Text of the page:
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​Cybersecurity expert: NYSE, United stories "aren't over"

Computer glitches caused headaches nationwide for several major companies
Computer glitches caused headaches nationwide... 04:10

The biggest concern about being on the Internet isn't hacking -- it's the Internet itself.

"Virtually everything we do is online, from the way we interact with our banks to the institutions in the government ... whether it's the DMV, what have you," cybersecurity expert Michael DeCesare told CBS News. "As companies bring more systems online there are more vulnerabilities that get exposed as part of that process."

Wednesday's trio of digital meltdowns -- a software glitch that halted trading at the New York Stock Exchange, hardware issues that grounded hundreds of United Airlines planes, and the Wall Street Journal's website crashing -- underscored how much we rely on our online connections and how crippling it can be when they're severed, even temporarily.

By the year 2020 there will be 25 billion devices connected to the web. That's seven for every human being on Earth. And "every one of those is a potential place that's vulnerable...," said DeCesare, CEO of ForeScout, a network security firm.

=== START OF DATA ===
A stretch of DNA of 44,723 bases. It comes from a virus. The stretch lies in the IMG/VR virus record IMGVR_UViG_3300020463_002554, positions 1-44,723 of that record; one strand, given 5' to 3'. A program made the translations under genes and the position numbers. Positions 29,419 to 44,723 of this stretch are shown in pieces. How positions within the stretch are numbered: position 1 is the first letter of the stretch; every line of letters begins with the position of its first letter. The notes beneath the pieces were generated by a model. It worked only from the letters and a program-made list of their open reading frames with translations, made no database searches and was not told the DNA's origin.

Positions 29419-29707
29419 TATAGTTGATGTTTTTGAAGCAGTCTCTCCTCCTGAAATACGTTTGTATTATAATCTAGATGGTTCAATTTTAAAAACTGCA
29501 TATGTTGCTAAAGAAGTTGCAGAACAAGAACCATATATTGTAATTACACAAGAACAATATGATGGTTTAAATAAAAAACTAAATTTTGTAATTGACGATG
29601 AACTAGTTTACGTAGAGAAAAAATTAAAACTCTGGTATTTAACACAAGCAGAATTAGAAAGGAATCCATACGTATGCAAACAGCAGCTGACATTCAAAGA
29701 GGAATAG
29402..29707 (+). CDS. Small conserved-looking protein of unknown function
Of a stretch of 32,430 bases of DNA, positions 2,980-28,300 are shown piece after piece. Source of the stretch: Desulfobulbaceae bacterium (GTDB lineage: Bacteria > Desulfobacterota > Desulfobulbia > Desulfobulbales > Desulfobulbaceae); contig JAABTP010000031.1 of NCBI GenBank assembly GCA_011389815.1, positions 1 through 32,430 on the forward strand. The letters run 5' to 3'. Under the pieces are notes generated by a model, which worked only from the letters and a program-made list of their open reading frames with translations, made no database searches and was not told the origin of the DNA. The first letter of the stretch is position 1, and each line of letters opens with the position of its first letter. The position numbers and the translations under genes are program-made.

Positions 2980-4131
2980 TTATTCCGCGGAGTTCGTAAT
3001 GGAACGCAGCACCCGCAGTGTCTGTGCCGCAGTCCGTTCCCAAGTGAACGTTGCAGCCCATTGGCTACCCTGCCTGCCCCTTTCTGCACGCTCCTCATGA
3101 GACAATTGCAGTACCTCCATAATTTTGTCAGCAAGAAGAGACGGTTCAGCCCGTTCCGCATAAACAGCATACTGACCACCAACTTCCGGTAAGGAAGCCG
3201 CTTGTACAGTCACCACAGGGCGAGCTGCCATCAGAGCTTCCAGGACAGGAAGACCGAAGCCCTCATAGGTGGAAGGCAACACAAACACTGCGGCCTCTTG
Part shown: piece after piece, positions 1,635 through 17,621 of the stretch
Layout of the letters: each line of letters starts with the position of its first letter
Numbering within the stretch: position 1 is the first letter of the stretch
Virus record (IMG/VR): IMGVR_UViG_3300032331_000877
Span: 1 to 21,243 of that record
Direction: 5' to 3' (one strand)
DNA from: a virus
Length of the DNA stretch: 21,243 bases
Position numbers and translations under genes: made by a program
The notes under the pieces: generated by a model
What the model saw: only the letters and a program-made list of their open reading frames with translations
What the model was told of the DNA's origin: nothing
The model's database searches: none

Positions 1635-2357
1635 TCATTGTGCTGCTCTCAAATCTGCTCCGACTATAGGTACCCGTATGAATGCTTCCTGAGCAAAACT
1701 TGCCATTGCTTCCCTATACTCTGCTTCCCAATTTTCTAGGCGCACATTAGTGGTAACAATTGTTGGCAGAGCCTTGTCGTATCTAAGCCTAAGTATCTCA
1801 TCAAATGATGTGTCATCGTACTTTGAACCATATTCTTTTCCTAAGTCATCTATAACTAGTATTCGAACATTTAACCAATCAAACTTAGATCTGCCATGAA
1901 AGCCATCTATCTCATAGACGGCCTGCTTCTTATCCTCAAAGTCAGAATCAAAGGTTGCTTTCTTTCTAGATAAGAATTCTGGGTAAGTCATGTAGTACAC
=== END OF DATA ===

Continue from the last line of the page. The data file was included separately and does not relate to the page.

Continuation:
"If you're in a hospital and you're being operated on, the devices that are operating on you are on the Internet. If you're driving in your car, while you're driving it's on the Internet. It's really incumbent upon the manufacturers that are designing these systems to make sure that their systems are designed with security," he said.

"If they're going to take our credentials, if they're going to take our medical information, it's their responsibility to keep those things safe."

In the same way you'd expect your sedan to come with airbags installed, we have to expect that companies will have safety measures in place -- not just to protect against hacking, but in case of good old fashioned technical difficulties.

With major breaches from Sony to OPM fresh in the collective mind, many are quick to suspect foul play. But a hair-trigger response overlooks a fundamental fact: Things break.

"Even in today's hack-ridden world, it's still possible to have code that breaks without outside intervention," David Gewirtz, a cyberwarfare advisor, told CBS News.

"I think what we're hearing from these organizations currently is the public relations side of their business," said DeCesare, referring to statements regarding United and the NYSE. "For a company to come out within one hour and say it wasn't a hack or it was a hack -- it's speculative at that point. The reality is that it takes time."

"I don't think these stories are over," he added. "I think over the upcoming days or weeks we're going to hear more about what the real cause was behind these for sure."

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